A long, long time ago in a galaxy far, far away (have I begun a post like this before? Probably), at the beginning of what was probably Grade 3, our class did an exercise. Our teacher had us fill out a Time Capsule, which listed our favorite movies, TV shows, books, music, colors, etc., explaining that when we were finished, she would file them and then at the end of the year, we were to fill them out again, not sneaking looks at our previous answers, to see how we had grown and changed.
In the “movies” space, I distinctly remember writing “Beverly Hills Cop”. I’m not sure whether or not my teacher read them after hours, in the privacy of her classroom sans students, and if she did, how she reacted. I’d be willing to bet that if I’d been born 25 years later, however, that an answer like that might’ve resulted in a phone call to the parents (“did you know your child had watched”–(gasp!)”–“a Rated R movie? Did you supervise that play-date??”
And my mother would likely have responded with a “First of all, ‘play-date‘? Are you kidding?”, followed up with immediately by, “duh. Sure, no harm in that.”
And she would’ve been right. I’m not anti-social or maladjusted. (Crude, yes, but at least I reel it in amidst mixed company.)
And I realized by the time I was 10, that I’d seen plenty of Rated-R movies: the aforementioned Beverly Hills Cop, Terms of Endearment, Teachers, Flashdance, and many, many more.
They didn’t scar me.
They didn’t traumatize me.
They didn’t contaminate me.
They didn’t doom me for life.
They didn’t shatter some pure, fantasy-conjured outlook on the world.
Instead, I grew up with a semi-realistic view of the world (at least, as “real” as Hollywood can deliver”. I learned about drugs, drug deals, undercover cops, guns, and that businesses could double as fronts for illegal activity from Beverly Hills Cop. I learned about adultery and cancer from Terms of Endearment.
As a result, I learned to cuss–and when not to. I saw the dangerous side of the drug trade. I saw what cheating could do to a marriage. I also never went through any “sex talk”, known as “the birds and the bees” back then. Nor did my parents have to have the “Just Say No” (drug) conversation with me. Nobody had to explain these things to me. I just sort of always knew. (My mom did draw the line at rape, though; she had to explain that to me, as gently as she could, probably during the same year.)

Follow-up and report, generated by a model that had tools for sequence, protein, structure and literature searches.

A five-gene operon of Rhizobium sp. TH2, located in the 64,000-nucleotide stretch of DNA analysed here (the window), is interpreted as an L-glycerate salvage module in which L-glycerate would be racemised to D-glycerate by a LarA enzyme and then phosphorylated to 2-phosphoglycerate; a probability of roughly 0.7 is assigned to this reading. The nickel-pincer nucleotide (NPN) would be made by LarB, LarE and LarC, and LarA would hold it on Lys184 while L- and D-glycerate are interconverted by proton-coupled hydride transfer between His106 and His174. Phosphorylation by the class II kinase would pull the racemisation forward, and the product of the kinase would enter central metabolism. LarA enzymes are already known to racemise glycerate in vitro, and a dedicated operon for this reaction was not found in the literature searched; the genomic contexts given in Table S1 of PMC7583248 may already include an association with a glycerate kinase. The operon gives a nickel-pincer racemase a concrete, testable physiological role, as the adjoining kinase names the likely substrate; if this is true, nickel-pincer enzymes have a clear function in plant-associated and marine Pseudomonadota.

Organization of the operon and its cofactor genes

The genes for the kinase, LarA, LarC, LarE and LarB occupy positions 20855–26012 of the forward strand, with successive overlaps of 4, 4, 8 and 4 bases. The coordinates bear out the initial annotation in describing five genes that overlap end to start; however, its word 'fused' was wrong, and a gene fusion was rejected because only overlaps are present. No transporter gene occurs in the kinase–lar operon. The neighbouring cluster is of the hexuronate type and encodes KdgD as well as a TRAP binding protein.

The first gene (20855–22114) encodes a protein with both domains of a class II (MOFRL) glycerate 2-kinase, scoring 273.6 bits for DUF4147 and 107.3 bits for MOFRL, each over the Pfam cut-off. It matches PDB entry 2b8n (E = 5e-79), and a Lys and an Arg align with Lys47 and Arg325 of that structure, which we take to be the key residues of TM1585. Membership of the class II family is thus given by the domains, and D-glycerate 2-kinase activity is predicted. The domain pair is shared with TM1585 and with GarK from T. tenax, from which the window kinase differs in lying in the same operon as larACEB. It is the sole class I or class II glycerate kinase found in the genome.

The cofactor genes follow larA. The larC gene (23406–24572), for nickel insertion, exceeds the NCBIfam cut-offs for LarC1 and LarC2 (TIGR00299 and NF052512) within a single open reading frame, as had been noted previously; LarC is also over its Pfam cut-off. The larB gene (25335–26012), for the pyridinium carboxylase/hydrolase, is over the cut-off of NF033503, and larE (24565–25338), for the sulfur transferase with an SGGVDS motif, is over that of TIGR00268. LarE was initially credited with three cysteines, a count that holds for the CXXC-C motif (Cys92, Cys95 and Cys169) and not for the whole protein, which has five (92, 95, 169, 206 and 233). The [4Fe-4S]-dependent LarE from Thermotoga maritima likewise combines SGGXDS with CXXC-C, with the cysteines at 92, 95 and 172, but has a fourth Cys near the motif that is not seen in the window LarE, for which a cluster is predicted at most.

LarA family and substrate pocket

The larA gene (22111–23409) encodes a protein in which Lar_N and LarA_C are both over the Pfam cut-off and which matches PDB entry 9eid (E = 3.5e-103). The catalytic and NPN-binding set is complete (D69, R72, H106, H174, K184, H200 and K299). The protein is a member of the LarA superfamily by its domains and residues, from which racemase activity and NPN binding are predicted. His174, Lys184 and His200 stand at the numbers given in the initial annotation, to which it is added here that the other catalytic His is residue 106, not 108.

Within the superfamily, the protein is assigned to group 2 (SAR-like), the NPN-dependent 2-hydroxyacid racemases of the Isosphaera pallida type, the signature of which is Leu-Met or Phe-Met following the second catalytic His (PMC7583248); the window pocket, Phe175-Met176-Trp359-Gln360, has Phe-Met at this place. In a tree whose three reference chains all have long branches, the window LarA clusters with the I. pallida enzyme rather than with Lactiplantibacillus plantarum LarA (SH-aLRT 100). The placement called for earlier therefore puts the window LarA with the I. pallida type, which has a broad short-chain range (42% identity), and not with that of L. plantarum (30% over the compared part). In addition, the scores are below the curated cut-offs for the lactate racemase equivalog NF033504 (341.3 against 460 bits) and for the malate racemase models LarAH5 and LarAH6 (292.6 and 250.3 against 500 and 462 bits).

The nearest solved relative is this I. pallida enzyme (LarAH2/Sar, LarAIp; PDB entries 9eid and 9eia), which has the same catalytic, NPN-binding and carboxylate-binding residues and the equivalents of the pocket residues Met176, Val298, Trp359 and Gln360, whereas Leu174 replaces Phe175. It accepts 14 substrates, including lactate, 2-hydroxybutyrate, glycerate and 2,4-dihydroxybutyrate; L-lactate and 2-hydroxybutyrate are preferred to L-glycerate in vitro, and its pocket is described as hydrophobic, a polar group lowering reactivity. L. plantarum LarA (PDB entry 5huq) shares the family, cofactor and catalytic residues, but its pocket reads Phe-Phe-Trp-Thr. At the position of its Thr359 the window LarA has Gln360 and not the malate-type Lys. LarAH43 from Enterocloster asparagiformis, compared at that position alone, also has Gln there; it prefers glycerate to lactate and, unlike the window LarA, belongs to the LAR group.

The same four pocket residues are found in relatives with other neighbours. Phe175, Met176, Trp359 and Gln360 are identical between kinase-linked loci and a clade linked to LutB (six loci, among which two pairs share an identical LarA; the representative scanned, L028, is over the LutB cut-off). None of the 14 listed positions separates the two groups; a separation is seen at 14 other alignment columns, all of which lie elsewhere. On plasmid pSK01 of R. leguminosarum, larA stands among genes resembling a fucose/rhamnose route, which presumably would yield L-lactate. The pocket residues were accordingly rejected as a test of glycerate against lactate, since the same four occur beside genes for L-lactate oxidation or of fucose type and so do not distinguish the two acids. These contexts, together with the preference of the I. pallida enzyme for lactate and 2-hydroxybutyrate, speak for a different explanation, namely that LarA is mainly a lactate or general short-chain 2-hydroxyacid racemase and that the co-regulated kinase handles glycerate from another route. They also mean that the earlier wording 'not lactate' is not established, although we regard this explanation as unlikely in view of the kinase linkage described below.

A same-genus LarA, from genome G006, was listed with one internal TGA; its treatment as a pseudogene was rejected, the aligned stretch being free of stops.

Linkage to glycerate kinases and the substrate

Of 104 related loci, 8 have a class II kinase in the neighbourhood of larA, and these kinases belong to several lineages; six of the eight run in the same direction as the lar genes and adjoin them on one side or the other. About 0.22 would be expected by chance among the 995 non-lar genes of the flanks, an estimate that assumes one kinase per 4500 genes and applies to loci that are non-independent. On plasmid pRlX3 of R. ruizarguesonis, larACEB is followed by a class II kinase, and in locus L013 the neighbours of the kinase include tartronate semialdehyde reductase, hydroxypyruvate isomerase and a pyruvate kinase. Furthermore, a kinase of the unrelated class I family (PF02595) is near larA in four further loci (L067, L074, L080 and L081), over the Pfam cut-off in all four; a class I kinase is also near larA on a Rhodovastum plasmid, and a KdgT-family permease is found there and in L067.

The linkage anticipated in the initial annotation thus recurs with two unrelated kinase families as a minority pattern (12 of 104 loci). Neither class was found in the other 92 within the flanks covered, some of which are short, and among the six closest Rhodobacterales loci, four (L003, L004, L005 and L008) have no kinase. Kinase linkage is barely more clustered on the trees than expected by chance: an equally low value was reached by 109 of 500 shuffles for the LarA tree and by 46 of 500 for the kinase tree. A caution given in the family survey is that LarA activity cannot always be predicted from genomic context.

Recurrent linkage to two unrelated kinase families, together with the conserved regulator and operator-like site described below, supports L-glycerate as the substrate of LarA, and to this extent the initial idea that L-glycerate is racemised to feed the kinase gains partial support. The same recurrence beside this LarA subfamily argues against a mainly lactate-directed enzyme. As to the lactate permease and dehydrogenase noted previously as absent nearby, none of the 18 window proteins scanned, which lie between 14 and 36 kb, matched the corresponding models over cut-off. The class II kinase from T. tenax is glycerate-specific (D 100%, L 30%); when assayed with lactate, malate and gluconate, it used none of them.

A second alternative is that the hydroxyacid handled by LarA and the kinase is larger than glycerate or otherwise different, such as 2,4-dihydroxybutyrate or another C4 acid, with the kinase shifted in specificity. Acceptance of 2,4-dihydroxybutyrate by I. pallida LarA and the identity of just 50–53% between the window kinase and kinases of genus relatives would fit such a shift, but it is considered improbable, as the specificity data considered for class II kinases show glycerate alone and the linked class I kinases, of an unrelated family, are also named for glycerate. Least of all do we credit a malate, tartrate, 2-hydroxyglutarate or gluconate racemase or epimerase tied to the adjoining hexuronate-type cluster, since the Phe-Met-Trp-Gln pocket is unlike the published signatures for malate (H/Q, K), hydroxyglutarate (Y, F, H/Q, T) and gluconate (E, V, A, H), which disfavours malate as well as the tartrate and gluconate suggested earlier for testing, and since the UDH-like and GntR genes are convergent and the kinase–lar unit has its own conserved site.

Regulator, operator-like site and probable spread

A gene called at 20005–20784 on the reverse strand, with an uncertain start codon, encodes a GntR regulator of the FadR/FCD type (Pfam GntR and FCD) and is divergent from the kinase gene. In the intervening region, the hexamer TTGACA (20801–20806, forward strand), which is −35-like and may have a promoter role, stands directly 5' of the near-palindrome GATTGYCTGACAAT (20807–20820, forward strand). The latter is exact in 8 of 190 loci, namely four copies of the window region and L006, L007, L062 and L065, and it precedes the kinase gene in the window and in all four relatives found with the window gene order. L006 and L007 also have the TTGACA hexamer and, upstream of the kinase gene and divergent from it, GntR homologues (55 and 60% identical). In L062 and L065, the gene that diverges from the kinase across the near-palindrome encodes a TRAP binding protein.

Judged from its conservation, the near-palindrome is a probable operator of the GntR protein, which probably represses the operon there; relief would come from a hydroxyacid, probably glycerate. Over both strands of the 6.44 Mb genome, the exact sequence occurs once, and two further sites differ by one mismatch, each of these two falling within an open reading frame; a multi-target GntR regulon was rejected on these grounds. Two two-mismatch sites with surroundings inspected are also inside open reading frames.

Not that my mother’s idea of a babysitter was the state-of-the-art 2-head VCR, mind you. No, I’m sure that the first time I saw these movies, she watched them with me. I vaguely remember her explaining certain aspects, pointing out the differences between movies and real life, notifying me that there are certain words we don’t use in public and of course, covering my eyes or fast-forwarding through the raciest or most violent of parts, and letting me watch the rest, even if the majority of other parents out there would’ve raised an eyebrow at her for doing so. And after a few times of watching the movie with me, she’d let me watch it on my own, whenever I wanted.
Fast-forward to my teen years: I was a good kid. I didn’t share that teenage-rite-of-passage mantra, “Parents just don’t understand” with my peers. I didn’t feel the need to attend the weekend keggers and get blitzed out of my mind. I didn’t feel the need to sneak around, leading a completely separate life from that which I displayed to oblivious parents. Nope, my mother and I had pretty open communication and most importantly, I was developing into a young adult that would view the world around me with a realistic lens. As I rounded the final lap of high school, my mom was probably pretty confident that I’d be able to face the world out there, survive and thrive in it, all without getting steamrolled by it.
Imagine the shock that today’s special snowflakes, having been coddled and handcuffed by 21st-century helicopter parenting tactics, when they hit the exhilarating–but unforgiving–pavement of today’s vast, complicated world. I pity them. And I admit, having to live amongst them, in a world where no human action occurs in a vacuum and the actions of one can profoundly affect the actions of many others, I’m a little nervous.
So let your kids watch a few movies with “adult situations”, “language”, some light “nudity”, or even a little “violence”. Do draw the line somewhere; your kid may groan at having their eyes covered through a particularly-racy 2-minute scene, but they’ll learn a very important concept: boundaries and limitations. They’ll learn that as contemporary and laid-back as you are, you’re still a parent, and there are limits to freedom.
Surprising things will happen. They’ll learn how to use the freedom and trust that you’ve given them responsibly. They’ll learn not to cross the invisible lines or break that trust. They’ll learn to appreciate the leeway they have. They’ll learn what the real world is like, long before they have to face it themselves. This removes a lot of fear–or, conversely, future rude awakenings.
You’re not supposed to be your child’s friend. You are supposed to be their parent. Part of parenting is indeed protecting your children while they are still young and vulnerable. But the other half of parenting–the half my helicopter-parenting generation too-often so conveniently forgets–is indeed preparing your children. You can’t shapeshift the world around you to accommodate your growing child, but you certainly can impart the wisdom and skills they’ll need to withstand it and succeed in it.
As an adult? I’m gainfully employed. I’m happily and faithfully married. I’m clean and sober. I’m well-adjusted.
Despite having watched Rated-R movies when very young. (And never having had a scheduled “play-date”.)
So whatever happened to that Grade 3 Time Capsule? Yeah, my new “favorite” movie by the end of the year was “Good Morning Vietnam”.
(Insert trademark Eddie Murphy Laugh here.)